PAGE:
On March 14, 2020, the Italian Government and several trade unions have signed a protocol, which establishes specific procedures for fighting COVID-19 in the workplace.
The protocol also includes provisions on the processing of personal data of employees. In particular, it provides that employers may subject their employees to pro-active body temperature controls before entering their workplace. In this regard, the protocol recommends that employers make sure that:
- The body temperature is only measured in real-time, and is not recorded unless this is necessary to document that an employee was not allowed into the premises due to his/her temperature being higher than 37.5°;
- Employees are provided with an appropriate privacy notice, which should specify, inter alia, that: (i) the purpose of the processing is limiting the contagion of COVID-19; (ii) the legal basis for the processing is compliance with the anti-contagion measures adopted by the Italian Government; and (iii) the data may possibly be retained for the duration of the state of emergency. Such a notice may also be provided orally;
- They adopt appropriate security measures, and identify and provide adequate instructions to the personnel in charge of the processing;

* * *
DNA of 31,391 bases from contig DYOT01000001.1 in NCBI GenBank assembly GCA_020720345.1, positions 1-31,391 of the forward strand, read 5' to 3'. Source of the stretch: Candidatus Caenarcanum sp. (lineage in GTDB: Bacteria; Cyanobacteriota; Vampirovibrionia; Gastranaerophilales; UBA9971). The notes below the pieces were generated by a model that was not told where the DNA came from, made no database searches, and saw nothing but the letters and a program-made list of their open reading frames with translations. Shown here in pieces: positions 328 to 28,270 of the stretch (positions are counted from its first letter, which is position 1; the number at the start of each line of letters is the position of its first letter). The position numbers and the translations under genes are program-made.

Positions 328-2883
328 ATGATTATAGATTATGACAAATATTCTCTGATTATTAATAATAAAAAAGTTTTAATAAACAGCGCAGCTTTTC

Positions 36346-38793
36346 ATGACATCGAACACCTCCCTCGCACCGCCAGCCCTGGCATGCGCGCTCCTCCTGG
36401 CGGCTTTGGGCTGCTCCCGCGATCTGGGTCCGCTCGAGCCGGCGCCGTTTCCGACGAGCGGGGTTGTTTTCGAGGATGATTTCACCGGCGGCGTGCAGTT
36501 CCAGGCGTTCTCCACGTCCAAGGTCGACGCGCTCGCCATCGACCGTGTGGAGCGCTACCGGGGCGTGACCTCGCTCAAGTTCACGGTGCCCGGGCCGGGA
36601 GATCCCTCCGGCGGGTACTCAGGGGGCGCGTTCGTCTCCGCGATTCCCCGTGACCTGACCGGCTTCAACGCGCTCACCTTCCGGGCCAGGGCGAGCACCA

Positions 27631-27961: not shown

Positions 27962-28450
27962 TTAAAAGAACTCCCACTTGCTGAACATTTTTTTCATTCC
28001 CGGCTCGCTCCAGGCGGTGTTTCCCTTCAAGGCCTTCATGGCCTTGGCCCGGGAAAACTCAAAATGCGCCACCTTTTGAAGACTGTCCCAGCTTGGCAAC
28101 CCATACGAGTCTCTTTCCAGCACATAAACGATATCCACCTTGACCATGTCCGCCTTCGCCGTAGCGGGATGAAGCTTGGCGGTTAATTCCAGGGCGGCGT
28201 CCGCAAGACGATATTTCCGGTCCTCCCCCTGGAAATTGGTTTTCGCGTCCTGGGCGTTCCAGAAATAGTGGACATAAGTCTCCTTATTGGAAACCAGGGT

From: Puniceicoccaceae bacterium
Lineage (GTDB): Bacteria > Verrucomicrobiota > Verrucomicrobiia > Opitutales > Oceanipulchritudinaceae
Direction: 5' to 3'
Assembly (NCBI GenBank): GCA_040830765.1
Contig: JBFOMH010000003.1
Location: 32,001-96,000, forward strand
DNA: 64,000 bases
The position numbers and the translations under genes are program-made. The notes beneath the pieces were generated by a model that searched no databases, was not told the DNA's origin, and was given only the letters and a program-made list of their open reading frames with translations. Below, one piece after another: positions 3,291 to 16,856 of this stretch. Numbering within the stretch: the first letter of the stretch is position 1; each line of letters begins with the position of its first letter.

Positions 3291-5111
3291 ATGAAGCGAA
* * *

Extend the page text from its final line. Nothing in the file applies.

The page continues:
- The data they collect are exclusively processed for the purpose of limiting the spread of the virus, and are not communicated to third parties other than the competent public authorities or other authorized entities;
- The information on the individuals who are infected by COVID-19 or experience its symptoms is treated as confidential. This also applies to information provided by the employee on whether he/she has visited a “risk area” or has been in contact with infected individuals.
In addition, the protocol provides that employers should inform their employees that they may not enter the workplace if, during the last 14 days, they have had contact with individuals who are infected by the virus, or have visited one of the “risk areas” identified by the World Health Organization. In this regard, the protocol allows employers to ask that their employees sign a document in which they declare that they comply which these requirements before they enter the workplace. However, such a document should not require that the employees disclose additional information on the infected individuals they have been in contact with or about the specific places they have visited. Also, in this case, employers are advised to follow the notice, security and confidentiality requirements mentioned above.
The adoption of the protocol partially waives some of the data privacy restrictions identified by the Italian Supervisory Authority (“Garante”), which previously found that companies should not engage in the spontaneous collection of the health data of their employees, unless this is specifically required by law or requested by the competent authorities. The adoption of the protocol establishes a specific legal basis, which justifies the adoption of the measures described above, and therefore allows the related processing of personal data. However, other measures (e.g., the systematic and generalized collection of the employees’ whereabouts) are likely to remain subject to the limitations identified in the Garante’s guidance.